by Annette Franz Gleneicki
TSA recently announced that it was changing some of its carry-on restrictions next month; in addition to certain types of knives, they will allow passengers to bring golf clubs, hockey sticks, and plastic bats onto planes, all of which had been restricted post-9/11. Other than the obvious question about whether the world is a safer place now than it was then (or even a month ago), is this really such a good idea? Where did this come from?
Supposedly, this brings U.S. carry-on rules in line with those of the EU. Who decided that what the EU was doing was a best practice?
According to the president of the Transportation Workers Union, Stacy Martin, “This policy was designed to make the lives of TSA staff easier, but not make flights safer.” Her comments come as a direct result of what TSA Administrator John Pistole said: “Frankly, I don’t want TSA agents to be delayed by these.” Clearly he believes the destructive weapons of choice have shifted, but I think when you take your eye off the ball, that’s when the other team scores. My two cents.
Anyway, there’s more to this story than just that, and I don’t really want to debate it; that’s not my point here. I’m using this as an example for my topic, and I want to focus on those two statements in the previous paragraph – and the problem with inside-out thinking when it comes to customer experience.
Inside-out thinking means your focus is on processes that are designed and implemented based on internal thinking and intuition. The customer’s needs and perspectives do not play a part in this type of thinking. You make decisions because you think it’s what’s best for the business.
Outside-in thinking means that you look at your business from the customer’s perspective and subsequently design processes and make decisions based on what’s best for the customer and what meets the customer’s needs. You make decisions because you know it’s what’s best for your customers.
When TSA is thinking about processes and policies that simplify things for their own good, without considering the impact on their customers, then that is inside-out thinking. This is a prime example, another quote from John Pistole: “The idea that we have to look for, to find, and then somehow resolve whatever that prohibited item is — that takes time and effort.” Yea, but that time and effort will hopefully save the lives of hundreds of people (your customers).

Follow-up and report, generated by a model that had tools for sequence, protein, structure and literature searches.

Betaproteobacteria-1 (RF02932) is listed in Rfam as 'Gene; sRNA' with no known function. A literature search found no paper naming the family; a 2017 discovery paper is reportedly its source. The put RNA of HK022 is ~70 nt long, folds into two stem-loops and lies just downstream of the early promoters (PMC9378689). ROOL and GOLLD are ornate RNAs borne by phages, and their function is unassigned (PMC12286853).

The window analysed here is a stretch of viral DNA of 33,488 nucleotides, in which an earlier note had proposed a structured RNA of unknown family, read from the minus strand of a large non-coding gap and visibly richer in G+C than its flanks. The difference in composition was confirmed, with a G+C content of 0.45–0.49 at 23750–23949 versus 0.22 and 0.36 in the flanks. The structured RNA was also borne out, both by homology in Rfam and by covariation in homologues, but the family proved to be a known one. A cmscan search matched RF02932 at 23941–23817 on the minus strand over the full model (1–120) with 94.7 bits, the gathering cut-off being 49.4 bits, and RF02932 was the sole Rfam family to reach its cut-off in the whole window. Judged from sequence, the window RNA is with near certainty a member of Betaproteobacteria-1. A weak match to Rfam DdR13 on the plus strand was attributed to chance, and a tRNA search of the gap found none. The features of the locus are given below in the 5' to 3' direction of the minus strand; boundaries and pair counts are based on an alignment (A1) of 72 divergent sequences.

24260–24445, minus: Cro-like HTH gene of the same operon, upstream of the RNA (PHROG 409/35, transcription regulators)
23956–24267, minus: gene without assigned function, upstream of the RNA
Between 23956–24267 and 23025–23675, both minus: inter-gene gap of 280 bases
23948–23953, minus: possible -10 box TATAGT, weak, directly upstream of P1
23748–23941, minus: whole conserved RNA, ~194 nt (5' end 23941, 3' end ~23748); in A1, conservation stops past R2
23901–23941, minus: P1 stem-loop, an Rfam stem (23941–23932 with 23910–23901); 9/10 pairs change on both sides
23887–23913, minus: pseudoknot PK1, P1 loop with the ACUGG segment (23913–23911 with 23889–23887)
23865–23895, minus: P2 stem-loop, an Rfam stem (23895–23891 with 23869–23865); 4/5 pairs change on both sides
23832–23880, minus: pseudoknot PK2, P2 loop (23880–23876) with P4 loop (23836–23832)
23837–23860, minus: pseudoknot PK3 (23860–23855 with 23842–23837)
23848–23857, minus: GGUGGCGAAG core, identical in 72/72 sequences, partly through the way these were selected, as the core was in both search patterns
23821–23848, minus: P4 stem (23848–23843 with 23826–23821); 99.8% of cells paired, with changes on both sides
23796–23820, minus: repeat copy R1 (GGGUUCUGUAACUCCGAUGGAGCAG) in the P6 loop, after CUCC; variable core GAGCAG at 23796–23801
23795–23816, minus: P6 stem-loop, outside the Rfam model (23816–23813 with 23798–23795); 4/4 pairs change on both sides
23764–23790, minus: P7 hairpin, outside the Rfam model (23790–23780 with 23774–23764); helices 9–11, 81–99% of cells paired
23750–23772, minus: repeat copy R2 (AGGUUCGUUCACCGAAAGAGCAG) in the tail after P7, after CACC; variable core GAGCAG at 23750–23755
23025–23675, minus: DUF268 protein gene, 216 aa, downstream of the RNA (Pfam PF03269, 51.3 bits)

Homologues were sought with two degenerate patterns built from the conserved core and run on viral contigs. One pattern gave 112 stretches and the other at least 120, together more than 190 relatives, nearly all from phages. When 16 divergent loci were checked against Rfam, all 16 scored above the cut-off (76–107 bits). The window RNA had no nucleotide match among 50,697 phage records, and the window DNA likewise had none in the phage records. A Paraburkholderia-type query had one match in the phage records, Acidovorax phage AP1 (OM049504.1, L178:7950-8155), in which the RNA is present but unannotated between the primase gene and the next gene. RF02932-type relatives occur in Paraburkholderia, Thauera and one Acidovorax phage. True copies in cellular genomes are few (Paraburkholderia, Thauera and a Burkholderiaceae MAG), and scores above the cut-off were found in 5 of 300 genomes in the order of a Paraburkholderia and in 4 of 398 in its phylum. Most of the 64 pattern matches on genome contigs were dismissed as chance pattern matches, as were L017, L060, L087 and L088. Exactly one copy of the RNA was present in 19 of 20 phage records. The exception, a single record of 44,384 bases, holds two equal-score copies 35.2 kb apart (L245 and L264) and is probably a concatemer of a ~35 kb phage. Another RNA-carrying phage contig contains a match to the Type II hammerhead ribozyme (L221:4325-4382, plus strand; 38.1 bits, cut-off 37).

There was a glimmer of hope when I read an article a couple days ago that lawmakers are trying to reverse this decision. And I quote: “This decision appears to have been made without formal engagement with stakeholders impacted by this policy, including those most likely to come into contact with someone possessing a knife on a plane – flight crew members and air marshals.”
Um, what about the other passengers? Aren’t they also stakeholders impacted by the policy?
OK, so let’s just assume for the sake of this post that everything TSA decided was truly done without taking into consideration the customer perspective or the impact on the customer.
It might be inside-out thinking when there’s a conscious decision to make process, policy, people, systems, or other changes that:
1. Don’t improve the customer experience at the same time
2. Are about maximizing shareholder returns, not about benefits for the customer
3. Improve internal efficiencies but to the detriment of customer interactions
4. Are cost-cutting measures that also negatively impact the customer experience
5. Might be the wrong process, policy, people, or systems to change
By contrast, outside-in thinking flips each of those points on its head and looks like this. There’s a conscious decision to make process, policy, people, systems, or other changes that:
1. Improve the customer experience at the same time
2. Are about maximizing benefits for the customer
3. Improve internal efficiencies known to be painpoints when executing customer interactions
4. Are cost-cutting measures that significantly improve the customer experience
5. Are the right process, policy, people, or systems because you’ve listened to customer feedback and know how customers are affected
Outside-in thinking, i.e., applying the customer perspective to every decision the company makes, leads to a number of things, none of which you’ll get by making decisions that are not based on what’s best for your customers…
- reduced complaints
- increased satisfaction
- increased referrals
- increased repeat purchases
- improved ease of doing business
- fewer lost customers
… all of which translate to reduced costs and increased revenue. Now who can’t get on board with that?
Here are a few business leaders who get it:
Don’t try to tell the customer what he wants. If you want to be smart, be smart in the shower. Then get out, go to work and serve the customer! -Gene Buckley, President Sikorsky Aircraft
This may seem simple, but you need to give customers what they want, not what you think they want. And, if you do this, people will keep coming back. -John Ilhan, Crazy John’s
For us, our most important stakeholder is not our stockholders, it is our customers. We’re in business to serve the needs and desires of our core customer base. -John Mackey, Whole Foods
Annette Franz Gleneicki is a Client Services executive focused on improving both customer and employee experiences. Through her blog, CX Journey, Annette shares her passion for helping companies understand the importance of the employee experience and its role in delivering an exceptional customer experience, as well as how to transform their cultures to ensure the customer is at the center of every conversation.